Half a croissant, on a plate, with a sign in front of it saying '50c'
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horse chestnut nut veneer

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As anyone who has ever collected conkers will know, there's nothing quite like the glossy appearance of a newly released nut.

I propose that horse chestnut shells could make a very attractive surface for wooden furniture.

Many conkers would be collected, perhaps utilising the talents of small boys.
The conkers would be cut to form relatively flat areas containing potentially managable tiles - which would generally be squares, hexagons, and possibly rectangles or equilatral triangles. This could be performed by a machine, which could analyse them to determine the optimal profile.
The produced sections would be steamed and pressed flat or to a particular curvature, then dried and stored.
The dried sections can then be die-cut to the final tile shape and glued mechanically onto sheets of plywood or directly by hand to the workpiece for finicky areas.
After assembly, the furniture would be varnished to restore the lustrous brown marbled texture.

Loris, Sep 09 2011

A use for beautiful but tiny, oddly shaped bits of wood. http://www.hardwood...lions.com/shop.html
Thanks, [po]. Fixed it. [mouseposture, Sep 10 2011]

better link http://www.azwoodman.com/inlays.html
[po, Sep 10 2011]

veneer joke Plywood_20Printer
[not_morrison_rm, Sep 13 2011]

[link]






       lovely
po, Sep 09 2011
  

       Just a suggestion: dry, then cut. Or cut (oversize), dry, cut. Cutting after the shells are dried will make for much more uniform pieces, which will greatly simplify the assembly.
MechE, Sep 09 2011
  

       Yes, you're right - that'd also help with distortion during flattening. Tweaking idea.
Loris, Sep 09 2011
  

       Nice! [+] Can possibly make checker boards from lighter and darker ones.
xandram, Sep 09 2011
  

       Why regular tiles? Beautiful, but tiny and oddly shaped pieces of wood would be perfect for inlay work <link>   

       It could be made by peeling the horse chestnut like an apple; a skilled artist would then integrate the natural shape of the shaved bits into the design.
mouseposture, Sep 10 2011
  

       I like this - I love conkers.   

       It might be possible to just take the peelings, overlap them face-up, and then use heat, high pressure and a resin to bond them into a smooth veneer.
MaxwellBuchanan, Sep 10 2011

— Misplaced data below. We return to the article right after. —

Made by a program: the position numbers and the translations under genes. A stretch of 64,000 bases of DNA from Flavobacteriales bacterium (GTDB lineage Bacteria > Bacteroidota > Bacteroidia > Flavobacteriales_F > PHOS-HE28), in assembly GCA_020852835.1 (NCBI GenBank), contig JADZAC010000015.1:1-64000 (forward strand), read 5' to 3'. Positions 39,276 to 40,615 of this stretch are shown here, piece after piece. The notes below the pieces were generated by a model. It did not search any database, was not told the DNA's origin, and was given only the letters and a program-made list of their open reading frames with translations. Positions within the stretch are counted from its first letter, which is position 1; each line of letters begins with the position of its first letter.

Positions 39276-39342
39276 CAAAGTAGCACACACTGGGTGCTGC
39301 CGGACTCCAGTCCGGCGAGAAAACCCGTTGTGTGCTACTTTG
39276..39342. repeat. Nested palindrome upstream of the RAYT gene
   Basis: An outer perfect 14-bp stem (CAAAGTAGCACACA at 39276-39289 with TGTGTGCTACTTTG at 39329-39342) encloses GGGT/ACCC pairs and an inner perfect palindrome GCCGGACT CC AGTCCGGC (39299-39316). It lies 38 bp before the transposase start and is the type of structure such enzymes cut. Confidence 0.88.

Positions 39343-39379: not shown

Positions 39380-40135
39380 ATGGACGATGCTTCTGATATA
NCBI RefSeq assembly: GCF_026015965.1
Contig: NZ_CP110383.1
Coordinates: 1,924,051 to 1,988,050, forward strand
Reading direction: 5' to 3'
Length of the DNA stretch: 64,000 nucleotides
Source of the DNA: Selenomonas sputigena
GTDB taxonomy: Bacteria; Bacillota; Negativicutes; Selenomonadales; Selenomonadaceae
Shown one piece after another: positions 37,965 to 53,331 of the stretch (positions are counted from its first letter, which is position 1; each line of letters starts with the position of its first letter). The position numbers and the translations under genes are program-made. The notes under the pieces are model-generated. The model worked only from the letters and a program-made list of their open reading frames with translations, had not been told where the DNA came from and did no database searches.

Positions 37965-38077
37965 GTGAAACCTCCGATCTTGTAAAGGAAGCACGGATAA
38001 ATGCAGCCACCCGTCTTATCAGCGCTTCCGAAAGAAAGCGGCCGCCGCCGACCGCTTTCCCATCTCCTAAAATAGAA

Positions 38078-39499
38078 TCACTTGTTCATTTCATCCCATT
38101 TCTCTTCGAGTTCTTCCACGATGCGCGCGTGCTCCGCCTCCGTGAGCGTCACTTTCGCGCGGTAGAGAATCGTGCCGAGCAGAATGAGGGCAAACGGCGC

// I love conkers //   

       There speaks someone who has never ridden a motorcycle in the Autumn, and has no idea of the unpleasantness of being struck on the helmet, at speed, by a falling conker.
8th of 7, Sep 10 2011
  

       // has no idea of the unpleasantness of being struck on the helmet, at speed, by a falling conker.//   

       Serves you right for riding naked.
MaxwellBuchanan, Sep 11 2011
  

       They go dull after a while. I think it's the saponins, so i wonder if you could cut them in half and use them to polish tables.
nineteenthly, Sep 12 2011
  

       If you can cut saponins in half, you go right ahead.
baconbrain, Sep 12 2011
  

       Do the saponins come from the shell itself, or the meat inside? If the latter, no problem. If the former, it might be possible to remove them with some solvent or other.
MaxwellBuchanan, Sep 12 2011
  

       Both, but i'm not sure if it's they that make it glossy. It might just be moisture. You wouldn't need to go as far as that. You could just puree and boil them, then skim them off the top. I've done it, but haven't tried to polish anything therewith.   

       [Baconbrain], i think they'd be sesquiterpenes then, and that can be done too.
nineteenthly, Sep 12 2011
  

       Steamed? Pressed flat? What about Lumpy Conker Chair? One surface would be flat to glue on the the chair. The top would be left a lovely lump. This might be less than idea in surfaces to be sat upon; maybe better for legs and moulding. Or maybe sitiing on would be good in a shiatsu sort of acupressorial way?
bungston, Sep 12 2011
  

       // Serves you right for riding naked //   

       Not entirely naked - wearing an approved motorcycle helmet as required by the Road Traffic Act.
8th of 7, Sep 12 2011
  

       phew! - from the title I thought this would be an idea for a thin, laminate, reddish-brown covering for horses' testicles.
hippo, Sep 12 2011
  

       // sesquiterpenes //   

       Thanks, [nineteenthly]. After my lame joke I went looking for the correct chemistry, and found I couldn't even start to figure it out. I knew somebody here would know.   

       [hippo], my horses' testicles already have a thin, laminate, reddish-brown covering. (The testicles which belong to my horse, I mean.)
baconbrain, Sep 12 2011
  

       You let your horse keep his testicles? Insert rant here about your foolishness unless you are a professional breeder.
normzone, Sep 12 2011
  

       //require some kind of veneereal expert//   

       roughly similar joke...
not_morrison_rm, Sep 13 2011
  
      
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